Sunday 23rd October 2016                 Change text size:

Germany vs. Argentina: the sustainability World Cup final

Klose by Guardian Sport via Twitter

The time has come. Germany vs. Argentina. The 2014 World Cup final. Will Germany’s golden generation end years of hurt, or will Lionel Messi finally shine on the biggest stage?

Die Mannschaft go into the match as favourites after dismantling Brazil on the way to the final, but La Albiceleste are likely to put up more of a fight.

At Blue & Green Tomorrow, we’ve been containing our excitement by calculating who would win in the – perhaps only slightly – more important sustainability cup.

Measuring the two sides against each other in terms of equality, freedom and their contributions to climate change, we ask which nation is the most sustainable.

Yesterday, hosts Brazil fell foul of a 6-2 drubbing at the hands of the Netherlands. The Dutch took a commanding lead thanks to better scores across a range of social indicators, Brazil getting on the scoresheet only because of their superior renewable energy production and lower per capita carbon emissions.

Today, we kick off with per capita income. Germany’s US$45,085 (£26,340) trumps Argentina’s US$14,760 (£8,623), and its one – nil to the DFB-Elf.

Then we come to the Gini index – a measure of the income distribution of a nation’s residents, with 0% meaning total equality and 100% meaning total inequality. Germany’s 26% (as of 2006) beats Argentina’s 45.8% (as of 2009) and the ruthless Germans are two up.

And it’s three! The Index of Economic Freedom, which measures liberties such as property rights and investment freedom, gives Germany a score of 73.4, ranking them 18th in the world. Argentina sits in 116th, with a score of 44.6, and they look to be down and out in this match too.

The Freedom in the World Index looks instead at political liberties, giving a score between 1 (the best) and 7 (the worst). Argentina concede again with a score of 2.0 to the Netherlands’ 1.0.

The Good Country Index, meanwhile, calculates how much each country contributes to or takes from humanity. It considers things like art, science, peace and carbon emissions. Germany sits at 13th in the world, but Argentina is 57th. Miroslav Klose has better keep an eye on his World Cup scoring record, because it’s five – nil to Germany.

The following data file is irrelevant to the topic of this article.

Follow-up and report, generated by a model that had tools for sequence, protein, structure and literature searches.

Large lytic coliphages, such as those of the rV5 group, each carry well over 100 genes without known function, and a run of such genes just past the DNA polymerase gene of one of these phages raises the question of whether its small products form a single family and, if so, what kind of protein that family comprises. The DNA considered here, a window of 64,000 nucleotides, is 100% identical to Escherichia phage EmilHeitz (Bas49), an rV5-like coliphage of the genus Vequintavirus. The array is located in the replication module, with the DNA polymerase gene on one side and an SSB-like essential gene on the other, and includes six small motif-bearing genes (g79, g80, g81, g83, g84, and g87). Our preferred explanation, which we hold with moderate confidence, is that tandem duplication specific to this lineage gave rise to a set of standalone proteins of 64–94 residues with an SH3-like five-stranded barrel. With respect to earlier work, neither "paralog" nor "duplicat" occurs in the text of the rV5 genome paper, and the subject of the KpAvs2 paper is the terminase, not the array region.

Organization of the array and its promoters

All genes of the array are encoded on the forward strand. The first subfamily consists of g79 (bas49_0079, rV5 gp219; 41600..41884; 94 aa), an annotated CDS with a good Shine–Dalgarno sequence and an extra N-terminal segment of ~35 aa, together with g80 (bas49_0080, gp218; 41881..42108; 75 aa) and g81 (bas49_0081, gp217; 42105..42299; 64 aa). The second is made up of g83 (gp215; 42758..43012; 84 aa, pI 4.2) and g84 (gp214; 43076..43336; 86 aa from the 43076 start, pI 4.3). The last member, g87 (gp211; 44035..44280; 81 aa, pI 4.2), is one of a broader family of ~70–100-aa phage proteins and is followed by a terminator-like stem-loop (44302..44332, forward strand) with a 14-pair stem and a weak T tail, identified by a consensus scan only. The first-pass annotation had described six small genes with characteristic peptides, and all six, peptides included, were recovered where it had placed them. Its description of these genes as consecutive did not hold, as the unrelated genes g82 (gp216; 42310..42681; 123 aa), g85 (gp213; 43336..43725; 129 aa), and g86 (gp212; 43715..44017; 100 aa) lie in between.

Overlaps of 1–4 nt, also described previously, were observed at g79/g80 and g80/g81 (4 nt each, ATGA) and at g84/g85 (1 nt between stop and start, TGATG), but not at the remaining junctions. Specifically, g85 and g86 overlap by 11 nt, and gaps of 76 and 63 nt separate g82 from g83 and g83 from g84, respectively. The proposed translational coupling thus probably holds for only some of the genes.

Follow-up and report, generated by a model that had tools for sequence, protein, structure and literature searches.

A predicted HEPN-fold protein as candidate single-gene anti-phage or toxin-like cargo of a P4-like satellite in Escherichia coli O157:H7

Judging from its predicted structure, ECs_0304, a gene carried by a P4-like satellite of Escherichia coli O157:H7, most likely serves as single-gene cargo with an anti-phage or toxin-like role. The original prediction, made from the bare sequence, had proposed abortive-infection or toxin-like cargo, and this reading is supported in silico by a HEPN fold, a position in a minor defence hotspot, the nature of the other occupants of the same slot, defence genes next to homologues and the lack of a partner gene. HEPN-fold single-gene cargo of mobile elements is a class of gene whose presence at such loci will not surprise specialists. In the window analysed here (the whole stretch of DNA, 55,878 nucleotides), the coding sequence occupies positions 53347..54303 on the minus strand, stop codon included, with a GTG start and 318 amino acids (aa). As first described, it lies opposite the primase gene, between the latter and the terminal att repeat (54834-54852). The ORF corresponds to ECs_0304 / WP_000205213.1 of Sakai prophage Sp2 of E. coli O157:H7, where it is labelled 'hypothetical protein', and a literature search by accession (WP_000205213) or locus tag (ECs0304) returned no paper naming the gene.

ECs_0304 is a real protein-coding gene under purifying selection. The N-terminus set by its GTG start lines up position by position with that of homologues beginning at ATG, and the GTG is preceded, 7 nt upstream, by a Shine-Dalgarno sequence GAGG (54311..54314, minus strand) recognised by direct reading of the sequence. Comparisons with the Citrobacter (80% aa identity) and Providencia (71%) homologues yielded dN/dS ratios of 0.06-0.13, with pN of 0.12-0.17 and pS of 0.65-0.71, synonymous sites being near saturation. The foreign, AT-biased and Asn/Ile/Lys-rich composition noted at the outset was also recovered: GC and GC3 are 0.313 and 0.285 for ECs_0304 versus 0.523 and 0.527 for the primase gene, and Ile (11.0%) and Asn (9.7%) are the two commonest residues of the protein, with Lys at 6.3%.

Where is Martin Demichelis when you need him?

After their half-time oranges, Argentina needs a goal to have any chance. But it’s another for Germany. The World Press Freedom Index, gives Argentina a score of 25.27, and Germany a superior 10.23.

Then, Argentina comes so, so close to an equaliser. We come to environmental sustainability. Last year, Argentina met 24.8% of domestic energy supply with renewables. But Germany generated 25.3%. Argentina hit the bar, Germany score, and it’s seven – nil.

Argentina then bag a consolation thanks to their lower carbon emissions. As of 2011, the South American country emitted 4.6 metric tonnes of carbon per capita to Germany’s 9.2. But the final whistle blows.

They’ve done it again. Germany 7 – Argentina 1, and Germany lift the (sustainability) World Cup!

Photo: Guardian Sport via Twitter

Further reading:

Brazil vs. Netherlands: the sustainability World Cup

World Cup host city Curitiba hit by floods

Brazil World Cup: Costa Rica wins on social justice

Ed Davey: National Grid network could cope with England World Cup win

Why sustainability is unlikely to be a winner at the Brazil World Cup

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